Having described the invention, many modifications thereto will become apparent to those skilled in the art to which it pertains without deviation from the spirit of the invention as defined by the scope of the appended claims.

Claims

1. A balancing game comprising:

two string supports spaced from each other,
a string stretched between said two string supports and secured at opposite ends to said two string supports, and
a plurality of hoops having a groove in a peripheral surface for rolling along said string in a balanced condition in an attempt to prevent falling of each of said plurality of hoops from said string.

2. A balancing game according to claim 1, wherein said two string supports are mounted on a game table.

3. A balancing game according to claim 2, wherein said game table includes legs to elevate said game table above the floor.

4. A balancing game according to claim 3, wherein a partition rail divides said game table into two sections.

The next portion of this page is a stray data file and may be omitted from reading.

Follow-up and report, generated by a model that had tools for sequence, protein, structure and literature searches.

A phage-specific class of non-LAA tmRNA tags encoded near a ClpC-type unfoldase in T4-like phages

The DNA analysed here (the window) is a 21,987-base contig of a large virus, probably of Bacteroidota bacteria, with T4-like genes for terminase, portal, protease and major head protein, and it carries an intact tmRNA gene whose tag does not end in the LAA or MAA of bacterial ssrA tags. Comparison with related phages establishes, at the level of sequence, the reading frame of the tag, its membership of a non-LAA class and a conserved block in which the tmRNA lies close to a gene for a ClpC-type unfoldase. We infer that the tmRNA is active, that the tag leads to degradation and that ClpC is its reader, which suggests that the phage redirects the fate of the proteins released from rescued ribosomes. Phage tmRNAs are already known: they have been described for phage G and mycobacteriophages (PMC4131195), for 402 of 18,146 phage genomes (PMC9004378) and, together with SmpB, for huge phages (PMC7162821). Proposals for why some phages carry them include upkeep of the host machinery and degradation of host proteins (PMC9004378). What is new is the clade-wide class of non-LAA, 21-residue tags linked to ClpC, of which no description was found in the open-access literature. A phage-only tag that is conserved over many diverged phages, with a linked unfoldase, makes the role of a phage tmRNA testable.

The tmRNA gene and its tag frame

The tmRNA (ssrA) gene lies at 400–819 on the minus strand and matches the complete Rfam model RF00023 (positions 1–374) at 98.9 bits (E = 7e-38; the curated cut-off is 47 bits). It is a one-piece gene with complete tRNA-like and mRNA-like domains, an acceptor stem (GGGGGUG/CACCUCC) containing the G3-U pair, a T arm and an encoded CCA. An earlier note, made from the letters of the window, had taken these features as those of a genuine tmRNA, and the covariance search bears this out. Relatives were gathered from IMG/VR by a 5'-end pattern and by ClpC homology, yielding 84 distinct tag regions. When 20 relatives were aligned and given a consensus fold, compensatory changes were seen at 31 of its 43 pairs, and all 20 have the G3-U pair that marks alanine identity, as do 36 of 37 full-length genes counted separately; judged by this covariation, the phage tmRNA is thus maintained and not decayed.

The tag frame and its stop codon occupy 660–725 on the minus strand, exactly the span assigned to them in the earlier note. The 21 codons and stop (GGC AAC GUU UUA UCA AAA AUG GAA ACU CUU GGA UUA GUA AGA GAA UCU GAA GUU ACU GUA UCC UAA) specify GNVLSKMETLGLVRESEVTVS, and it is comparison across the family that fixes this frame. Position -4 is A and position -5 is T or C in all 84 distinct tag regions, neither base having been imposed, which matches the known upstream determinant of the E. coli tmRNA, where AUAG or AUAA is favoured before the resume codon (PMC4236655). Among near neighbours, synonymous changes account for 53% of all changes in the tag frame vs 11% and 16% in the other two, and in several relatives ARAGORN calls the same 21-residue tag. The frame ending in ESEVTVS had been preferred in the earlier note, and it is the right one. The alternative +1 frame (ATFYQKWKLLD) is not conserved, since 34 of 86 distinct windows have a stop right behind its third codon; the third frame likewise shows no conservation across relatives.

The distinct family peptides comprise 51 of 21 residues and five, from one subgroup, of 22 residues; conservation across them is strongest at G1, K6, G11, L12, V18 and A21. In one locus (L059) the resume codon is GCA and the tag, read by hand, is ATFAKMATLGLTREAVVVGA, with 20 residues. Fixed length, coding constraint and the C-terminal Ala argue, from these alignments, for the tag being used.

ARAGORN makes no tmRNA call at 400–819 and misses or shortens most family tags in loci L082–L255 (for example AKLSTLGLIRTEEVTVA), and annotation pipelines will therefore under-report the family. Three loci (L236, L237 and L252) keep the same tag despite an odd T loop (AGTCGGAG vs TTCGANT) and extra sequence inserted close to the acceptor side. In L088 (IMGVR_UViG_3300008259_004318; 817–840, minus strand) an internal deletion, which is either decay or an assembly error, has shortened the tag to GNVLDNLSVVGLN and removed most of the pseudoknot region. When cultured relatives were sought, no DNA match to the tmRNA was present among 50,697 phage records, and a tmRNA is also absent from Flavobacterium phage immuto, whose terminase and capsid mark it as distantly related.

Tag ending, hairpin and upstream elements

5. A balancing game according to claim 4, wherein said partition rail is centrally located on said game table.

6. A balancing game according to claim 2, further comprising a hook for retrieving a hoop from said game table.

7. A balancing game according to claim 1, further comprising an additional hoop having a flat peripheral surface.

8. A balancing game according to claim 1, wherein said plurality of hoops have an outside diameter of two inches and an inside diameter of one-and-one-quarter inches.

9. A balancing game according to claim 1, wherein said string is four feet long.

Referenced Cited
U.S. Patent Documents
D161081 December 1950 Bazelon
1098360 May 1914 Geary
2021395 November 1935 Watmough
3542366 November 1970 Schoker
3600843 August 1971 Becker
3785652 January 1974 Ghovanloo
4247110 January 27, 1981 Mazuela
4257602 March 24, 1981 Seath
4257603 March 24, 1981 Harding
4561656 December 31, 1985 David
Foreign Patent Documents
1200715 September 1965 DEX
Patent History
Patent number: 5377974
Type: Grant
Filed: Oct 7, 1993
Date of Patent: Jan 3, 1995
Inventor: Angel L. Rodriguez Rivera (Bayamon)
Primary Examiner: Vincent Millin
Assistant Examiner: Raleigh W. Chiu
Law Firm: Jacobson, Price, Holman & Stern
Application Number: 8/133,265